The food and flavors of a country are a suggestive reflection of part of its identity. This course examines the cultural and literary history of food in Spain and Latin America from the sixteenth century to the present as a means to explore the relationship between what we eat and how we define ourselves. This approach is also a productive lens to examine interconnected topics such as gender, race, religion, and social identity as they relate to foodways in the Spanish-speaking world. Primary sources will include literary texts, historical accounts, films, cookbooks, and paintings and will be supplemented by secondary critical texts. Through diverse readings, class discussions, and varied writing assignments, students will also hone their speaking, listening, reading and writing abilities in Spanish. Conducted in Spanish.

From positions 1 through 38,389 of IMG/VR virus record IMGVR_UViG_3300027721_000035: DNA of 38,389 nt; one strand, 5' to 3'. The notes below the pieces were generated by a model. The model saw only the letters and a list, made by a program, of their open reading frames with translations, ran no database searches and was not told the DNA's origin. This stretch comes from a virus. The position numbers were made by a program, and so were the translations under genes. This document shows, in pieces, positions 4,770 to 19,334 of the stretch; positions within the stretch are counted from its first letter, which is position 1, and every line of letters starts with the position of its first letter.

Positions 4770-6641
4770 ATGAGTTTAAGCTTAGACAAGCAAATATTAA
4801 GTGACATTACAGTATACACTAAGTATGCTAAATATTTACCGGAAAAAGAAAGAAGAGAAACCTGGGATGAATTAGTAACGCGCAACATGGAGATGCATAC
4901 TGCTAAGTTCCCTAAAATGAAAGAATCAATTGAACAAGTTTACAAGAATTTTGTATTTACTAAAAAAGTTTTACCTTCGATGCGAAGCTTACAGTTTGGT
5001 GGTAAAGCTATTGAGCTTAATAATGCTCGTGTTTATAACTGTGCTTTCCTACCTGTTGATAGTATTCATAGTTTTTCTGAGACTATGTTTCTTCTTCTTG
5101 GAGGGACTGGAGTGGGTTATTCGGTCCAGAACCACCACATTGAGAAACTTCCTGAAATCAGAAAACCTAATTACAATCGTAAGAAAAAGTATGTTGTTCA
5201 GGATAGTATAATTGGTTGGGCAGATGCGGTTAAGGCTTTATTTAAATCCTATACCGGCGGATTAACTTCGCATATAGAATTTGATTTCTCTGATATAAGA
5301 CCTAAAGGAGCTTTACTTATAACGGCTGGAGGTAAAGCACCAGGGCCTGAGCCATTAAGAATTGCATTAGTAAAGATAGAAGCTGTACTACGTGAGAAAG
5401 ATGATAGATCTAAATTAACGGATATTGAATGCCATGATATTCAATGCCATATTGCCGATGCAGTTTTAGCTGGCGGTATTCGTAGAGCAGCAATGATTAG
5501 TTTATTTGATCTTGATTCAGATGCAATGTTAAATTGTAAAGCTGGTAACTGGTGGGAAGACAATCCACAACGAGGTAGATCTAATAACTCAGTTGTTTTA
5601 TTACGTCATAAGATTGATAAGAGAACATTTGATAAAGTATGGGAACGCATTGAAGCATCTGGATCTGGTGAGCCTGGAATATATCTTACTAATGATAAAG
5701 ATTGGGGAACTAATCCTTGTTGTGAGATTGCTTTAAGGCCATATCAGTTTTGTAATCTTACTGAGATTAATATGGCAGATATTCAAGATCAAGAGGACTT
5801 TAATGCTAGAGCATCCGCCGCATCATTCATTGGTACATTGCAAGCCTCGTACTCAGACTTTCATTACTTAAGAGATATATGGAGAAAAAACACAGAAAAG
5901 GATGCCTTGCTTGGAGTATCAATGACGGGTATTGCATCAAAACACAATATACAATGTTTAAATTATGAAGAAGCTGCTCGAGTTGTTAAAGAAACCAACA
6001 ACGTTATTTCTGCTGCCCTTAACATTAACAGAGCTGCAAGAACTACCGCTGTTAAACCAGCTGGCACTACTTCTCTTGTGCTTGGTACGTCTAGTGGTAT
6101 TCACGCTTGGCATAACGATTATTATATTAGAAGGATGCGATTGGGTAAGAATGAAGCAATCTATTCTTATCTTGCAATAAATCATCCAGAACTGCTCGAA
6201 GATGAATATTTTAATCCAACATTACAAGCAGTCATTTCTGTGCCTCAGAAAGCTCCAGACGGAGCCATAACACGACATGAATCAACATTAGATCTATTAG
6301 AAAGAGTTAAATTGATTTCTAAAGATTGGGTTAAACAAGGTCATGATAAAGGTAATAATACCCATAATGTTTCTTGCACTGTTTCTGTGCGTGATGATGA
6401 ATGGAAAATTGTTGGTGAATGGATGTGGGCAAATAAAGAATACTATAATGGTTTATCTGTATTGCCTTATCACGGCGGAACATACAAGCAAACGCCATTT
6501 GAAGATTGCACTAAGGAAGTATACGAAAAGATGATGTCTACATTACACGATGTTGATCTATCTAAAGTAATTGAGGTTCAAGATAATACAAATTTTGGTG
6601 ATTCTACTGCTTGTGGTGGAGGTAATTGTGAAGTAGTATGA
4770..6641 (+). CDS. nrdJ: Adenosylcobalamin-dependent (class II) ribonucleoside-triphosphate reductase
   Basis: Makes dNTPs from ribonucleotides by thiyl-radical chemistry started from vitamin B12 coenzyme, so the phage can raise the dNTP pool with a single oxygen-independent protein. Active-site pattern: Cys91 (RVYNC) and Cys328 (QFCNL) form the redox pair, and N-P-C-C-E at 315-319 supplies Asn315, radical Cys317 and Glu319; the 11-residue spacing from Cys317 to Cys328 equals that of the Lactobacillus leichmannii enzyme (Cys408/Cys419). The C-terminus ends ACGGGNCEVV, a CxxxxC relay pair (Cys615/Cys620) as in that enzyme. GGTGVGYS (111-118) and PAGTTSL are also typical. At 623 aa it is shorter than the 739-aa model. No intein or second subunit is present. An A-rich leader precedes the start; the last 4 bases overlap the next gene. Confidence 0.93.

Prerequisite: SPAN 301 or consent of the instructor. Limited to 10 students.Spring Semester: Professor Infante.
If Overenrolled: Priority will be given to Spanish majors. Others will be admitted to balance by class year.
Attention to Issues of Class, Attention to Issues of Gender and Sexuality, Attention to Issues of Race, Attention to Speaking, Attention to Writing, Languages Other Than English